President Barack Obama pledged Wednesday to put the full weight of his office behind the nation’s most aggressive gun-control plan in generations as he hopes to decrease the number of mass shootings and acts of random violence that occur every day in America.
He proposed banning assault weapons, limiting ammunition magazines to 10 rounds, requiring background checks on all gun purchases, penalizing those who buy guns from unlicensed dealers, hiring 1,000 more school resource officers and spending millions more on training, research and counseling.
The sweeping package – much of which needs approval from a divided and often uncooperative Congress – came a month after a slaughter at an elementary school in Newtown, Conn., left 26 people, including 20 young children, dead.
In an emotional midday speech at the White House complex, a somber Obama recalled the innocent Americans who’ve been killed in a string of mass shootings: at a movie theater last summer in Aurora, Colo.; at a Sikh temple a few weeks later in Oak Creek, Wis.; at a shopping center last month in Clackamas, Ore.; and at a university in Blacksburg, Va., in 2007.
He told a roomful of crime victims, activists and lawmakers that 900 more people had been shot to death in the 33 days since the Sandy Hook Elementary School massacre.
“While there is no law or set of laws that can prevent every senseless act of violence completely, no piece of legislation that will prevent every tragedy, every act of evil, if there is even one thing we can do to reduce this violence, if there is even one life that can be saved, then we’ve got an obligation to try,” Obama said, standing near four young children who’d written him letters after the Newtown shooting.
As he closed, he told the audience that the parents of one of the slain children in Newtown had given him a painting by their daughter. Her name was Grace and she was 7. The painting now hangs in his private study.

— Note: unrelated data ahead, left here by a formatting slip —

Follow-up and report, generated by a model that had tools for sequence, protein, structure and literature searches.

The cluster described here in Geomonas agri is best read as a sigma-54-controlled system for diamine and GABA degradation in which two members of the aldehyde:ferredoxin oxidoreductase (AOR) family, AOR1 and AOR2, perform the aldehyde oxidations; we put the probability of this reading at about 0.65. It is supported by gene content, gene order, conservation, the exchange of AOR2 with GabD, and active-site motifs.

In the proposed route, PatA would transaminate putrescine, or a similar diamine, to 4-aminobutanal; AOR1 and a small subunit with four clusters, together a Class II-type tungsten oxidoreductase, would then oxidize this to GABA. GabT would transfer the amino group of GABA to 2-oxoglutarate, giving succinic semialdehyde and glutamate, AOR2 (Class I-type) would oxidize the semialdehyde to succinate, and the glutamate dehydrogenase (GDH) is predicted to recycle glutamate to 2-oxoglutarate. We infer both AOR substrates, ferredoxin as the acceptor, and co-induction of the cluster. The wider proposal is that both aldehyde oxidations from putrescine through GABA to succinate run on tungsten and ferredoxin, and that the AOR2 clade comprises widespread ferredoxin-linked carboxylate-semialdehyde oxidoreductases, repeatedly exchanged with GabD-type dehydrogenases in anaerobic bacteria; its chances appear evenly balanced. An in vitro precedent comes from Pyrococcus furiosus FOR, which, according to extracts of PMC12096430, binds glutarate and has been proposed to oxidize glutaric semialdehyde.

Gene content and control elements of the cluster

When the president spoke, it was in a tone that was quiet, but determined. Some in the room held back tears, but a few in the audience cried softly.
Obama’s announcement set off a fierce debate on Capitol Hill, where Republicans and some Democrats oppose changes that they fear would chip away at the Second Amendment right to bear arms.
Leaders of the Democratic-led Senate expect to begin debate in two weeks, though some bills may not even get a vote in the Republican-run House of Representatives.
House Speaker John Boehner, R-Ohio, released only a brief statement from an aide.
“House committees of jurisdiction will review these recommendations. And if the Senate passes a bill, we will also take a look at that,” spokesman Michael Steel said.
Some Republicans struck a conciliatory tone, suggesting that school safety and mental health services might be addressed, but other expressed blunt opposition.
“President Obama is targeting the Second Amendment rights of law-abiding citizens instead of seriously addressing the real underlying causes of such violence,” said Sen. Marco Rubio of Florida, who’s a rising star in his party and possible 2016 presidential candidate. “Rolling back responsible citizens’ rights is not the proper response to tragedies committed by criminals and the mentally ill.”
Freshman Rep. Steve Stockman, R-Texas, said he’d “seek legislation barring funds to enforce the orders. I will seek legislation to cut White House funding should the president issue and enforce such orders. I will support legal efforts to overturn the orders in court.”
If all that fails, Stockman said, he’d seek to impeach the president.
The United States has more firearms than any other nation – 270 million, according to the international Small Arms Survey, an independent research project at the Graduate Institute of International and Development Studies in Geneva. Background checks to purchase firearms have soared in the last month, after potential buyers became worried about possible new restrictions.